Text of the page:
My family’s adventure to the United Nations to share our view on rights-based approaches to disability in Canada

By Susan Cosgrove

When my son Liam was three years old he couldn’t carry a conversation, exist in a crowd without getting overwhelmed, or interact with new people without panic. So much of my time and energy was consumed with accepting the things he could not do that I just couldn’t imagine that we would welcome his 15th birthday together, celebrating the biggest accomplishment of his life.

Attending the Civil Society Forum

Attending the Civil Society Forum

The United Nations Convention of the Rights of Persons with Disability (CRPD) is an international law that protects and promotes the rights of people with disability; made up of global guiding principles to ensure that people with disability can access the same rights and opportunities as their fellow citizens. One hundred and seventy-seven (177) countries have agreed to the convention – and Canada is one of them.

Two weeks ago, the 11th annual Conference of the States Parties to the Convention on the Rights of Persons with Disabilities took place at the United Nations Headquarters in New York City. Attended by both National governments and civil society organizations from around the globe, the goal of the event was to share knowledge about how people with disability are living with their rights in participating countries.

This brings us to my proudest experience as Liam’s mom. Over the past decade Liam has learned how to use his unique skills and interests to become an ambassador for children with disabilities. He has shared his thoughts with doctors, families, health care administrators, donors and policy makers in Toronto. When we were invited to participate together on a panel in New York City discussing rights-based approaches to disability in Canada, we did a happy little dance together.

Liam with Kirsty Duncan, Minister of Science and Minister of Sport and Persons with Disabilities

Liam with Kirsty Duncan, Minister of Science and Minister of Sport and Persons with Disabilities

As a team, Liam and I have a lot of experience to draw on. I have been engaged in research for years as an advisor, co-investigator and spokesperson. I recently began working for the CHILD-BRIGHT Network as their first Parent Mentor. As I begin this role I am focused on learning from the parents involved in the network about how they have engaged in the different projects and programs, and about their hopes for the future of research. I plan to build on these learnings to help connect and inform parents. And it is through this role that I had the opportunity to join the group attending this important landmark event.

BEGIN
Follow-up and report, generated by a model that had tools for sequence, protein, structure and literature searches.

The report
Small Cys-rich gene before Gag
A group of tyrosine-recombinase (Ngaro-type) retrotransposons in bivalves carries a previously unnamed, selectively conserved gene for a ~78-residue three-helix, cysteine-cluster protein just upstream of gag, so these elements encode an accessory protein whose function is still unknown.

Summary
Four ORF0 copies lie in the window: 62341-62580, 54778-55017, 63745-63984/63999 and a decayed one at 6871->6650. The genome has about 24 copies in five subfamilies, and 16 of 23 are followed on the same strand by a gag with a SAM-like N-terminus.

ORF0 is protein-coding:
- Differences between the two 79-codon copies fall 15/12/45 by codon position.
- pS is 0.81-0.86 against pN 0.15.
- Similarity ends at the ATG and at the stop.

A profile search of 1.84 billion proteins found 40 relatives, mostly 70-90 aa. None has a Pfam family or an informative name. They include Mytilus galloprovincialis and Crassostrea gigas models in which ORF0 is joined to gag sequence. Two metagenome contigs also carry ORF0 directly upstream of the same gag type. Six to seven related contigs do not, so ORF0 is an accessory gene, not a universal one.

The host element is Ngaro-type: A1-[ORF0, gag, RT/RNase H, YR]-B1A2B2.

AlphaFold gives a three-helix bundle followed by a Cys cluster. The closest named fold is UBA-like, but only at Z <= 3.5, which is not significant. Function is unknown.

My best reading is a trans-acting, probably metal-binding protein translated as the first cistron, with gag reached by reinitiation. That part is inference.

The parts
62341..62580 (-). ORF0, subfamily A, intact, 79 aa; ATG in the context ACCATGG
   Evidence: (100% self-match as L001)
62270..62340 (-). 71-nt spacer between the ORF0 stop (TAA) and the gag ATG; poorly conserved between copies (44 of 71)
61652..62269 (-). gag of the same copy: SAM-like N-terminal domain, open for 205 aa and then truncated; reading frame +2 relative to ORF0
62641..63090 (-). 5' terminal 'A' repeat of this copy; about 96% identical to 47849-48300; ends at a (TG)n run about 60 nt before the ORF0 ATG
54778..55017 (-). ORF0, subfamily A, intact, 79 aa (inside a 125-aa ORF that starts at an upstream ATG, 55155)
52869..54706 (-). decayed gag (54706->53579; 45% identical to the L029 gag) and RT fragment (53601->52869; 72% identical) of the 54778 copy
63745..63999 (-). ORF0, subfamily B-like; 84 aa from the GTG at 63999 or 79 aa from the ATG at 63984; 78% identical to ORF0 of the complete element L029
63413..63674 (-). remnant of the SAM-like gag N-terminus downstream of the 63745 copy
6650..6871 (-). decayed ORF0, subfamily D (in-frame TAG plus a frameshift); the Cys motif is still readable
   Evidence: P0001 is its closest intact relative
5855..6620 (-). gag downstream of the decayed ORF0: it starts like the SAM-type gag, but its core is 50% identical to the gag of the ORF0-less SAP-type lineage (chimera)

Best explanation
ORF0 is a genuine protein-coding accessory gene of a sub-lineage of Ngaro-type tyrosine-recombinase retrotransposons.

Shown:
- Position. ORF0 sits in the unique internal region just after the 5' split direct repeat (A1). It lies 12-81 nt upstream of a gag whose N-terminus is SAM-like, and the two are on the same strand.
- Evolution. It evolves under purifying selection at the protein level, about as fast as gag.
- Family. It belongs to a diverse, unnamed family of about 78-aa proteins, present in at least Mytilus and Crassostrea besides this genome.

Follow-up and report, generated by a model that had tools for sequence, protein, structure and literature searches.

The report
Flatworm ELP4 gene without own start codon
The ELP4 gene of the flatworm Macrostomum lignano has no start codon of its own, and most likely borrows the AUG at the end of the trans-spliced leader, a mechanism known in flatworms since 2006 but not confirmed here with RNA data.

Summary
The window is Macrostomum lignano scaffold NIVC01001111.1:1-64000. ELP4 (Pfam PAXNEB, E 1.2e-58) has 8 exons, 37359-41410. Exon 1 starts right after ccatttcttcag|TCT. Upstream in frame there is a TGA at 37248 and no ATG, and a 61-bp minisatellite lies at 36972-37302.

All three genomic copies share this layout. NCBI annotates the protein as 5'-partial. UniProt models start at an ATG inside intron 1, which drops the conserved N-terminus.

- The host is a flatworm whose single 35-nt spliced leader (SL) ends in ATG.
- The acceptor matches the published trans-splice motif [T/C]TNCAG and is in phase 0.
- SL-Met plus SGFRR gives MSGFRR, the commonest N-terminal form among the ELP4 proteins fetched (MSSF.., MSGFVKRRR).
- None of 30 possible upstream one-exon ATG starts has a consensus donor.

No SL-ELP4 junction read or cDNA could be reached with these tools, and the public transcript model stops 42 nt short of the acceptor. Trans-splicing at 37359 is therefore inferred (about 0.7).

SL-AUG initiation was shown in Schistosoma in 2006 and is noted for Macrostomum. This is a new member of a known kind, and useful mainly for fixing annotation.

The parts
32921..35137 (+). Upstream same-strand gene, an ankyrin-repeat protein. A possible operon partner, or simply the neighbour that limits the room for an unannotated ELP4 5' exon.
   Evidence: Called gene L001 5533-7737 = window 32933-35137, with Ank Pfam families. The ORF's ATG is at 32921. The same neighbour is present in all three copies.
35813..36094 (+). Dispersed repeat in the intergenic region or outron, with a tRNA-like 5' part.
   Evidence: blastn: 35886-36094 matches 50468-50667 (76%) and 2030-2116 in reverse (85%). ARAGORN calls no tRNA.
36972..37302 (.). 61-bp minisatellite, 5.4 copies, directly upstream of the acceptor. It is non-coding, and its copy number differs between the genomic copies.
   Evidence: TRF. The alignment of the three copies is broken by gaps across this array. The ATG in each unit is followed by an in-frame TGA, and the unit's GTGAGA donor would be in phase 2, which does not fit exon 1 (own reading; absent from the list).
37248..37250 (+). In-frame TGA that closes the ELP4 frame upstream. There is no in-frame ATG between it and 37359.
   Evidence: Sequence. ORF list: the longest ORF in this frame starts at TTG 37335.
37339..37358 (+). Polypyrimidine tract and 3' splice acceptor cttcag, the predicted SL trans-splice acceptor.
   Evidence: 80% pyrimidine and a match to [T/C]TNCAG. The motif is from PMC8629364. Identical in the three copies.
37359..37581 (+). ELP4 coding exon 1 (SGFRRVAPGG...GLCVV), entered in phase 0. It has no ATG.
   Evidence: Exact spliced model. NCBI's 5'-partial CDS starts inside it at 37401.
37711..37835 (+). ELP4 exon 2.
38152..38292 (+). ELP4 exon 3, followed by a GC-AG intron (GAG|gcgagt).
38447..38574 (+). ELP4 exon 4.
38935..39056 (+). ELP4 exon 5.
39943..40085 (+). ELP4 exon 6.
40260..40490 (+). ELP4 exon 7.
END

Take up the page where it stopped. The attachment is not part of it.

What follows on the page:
Liam has come into his own thanks, in part, to the research world. He began as an enthusiastic participant who loved the activities and personalities of the researchers and health care providers he interacted with. We quickly discovered that he was a skilled ambassador who uses his unique charms to share his thoughts with policy makers and politicians. The opportunity to do so on such a grand scale – at the United Nations – was Liam’s dream come true.

For such a young person, Liam didn’t take the opportunity to influence global leaders lightly. He was there to show them what was possible for a young person when his rights were respected and enforced and to share his hopes for his adult life. He talked about his rights as a Canadian youth with disability and his hopes for the future. He dreams of one day being a mechanic, with a family and a home. He knows that he will require more assistance and support than his non-disabled peers for his entire life. He is willing to put in that extra effort and plans on using his future voting rights to encourage governments to match his efforts with their support. That was his message, that was his voice.

Liam takes Manhattan

Liam takes Manhattan

By being engaged in research in so many capacities over the years, I have learned a lot about the power of lived experiences. It’s as important to bring first-hand perspectives to every aspect of health care and policy development, as it is to bring them to research. Our personal stories keep goals in perspective and remind those in positions of influence why their decisions matter. It’s imperative for both families and professionals to understand the power of engagement. In the past, disability research and policy relied heavily on numbers, trends, reports and data, but lacked the human influence of those living with disability. But now people with disability and their families are becoming an essential part of the team and having direct influence on their own futures. And this is what we felt by being in this global forum. We joined other people with disabilities from all corners of the world: families, youth, adults, side by side with government officials and UN members to share our perspectives and discuss what we think and know is important.

Families may read this and think “Well, I’ve never been invited to the UN and I don’t like public speaking – so this isn’t something I can do.” But influence happens on many levels and from all types of people. It can be as simple as being informed and exercising your right to vote for a government that promotes the well-being of people of all abilities. It could be sharing information with other parents, your child’s school or people in your neighbourhood about the existence of the Convention of the Rights of Persons with Disability (CRPD). In reality, by raising children with disability who are informed of their rights and how to advocate for themselves, we are taking the first steps towards creating a more inclusive future for them.

Rachel Martens’ presentation

Rachel Martens’ presentation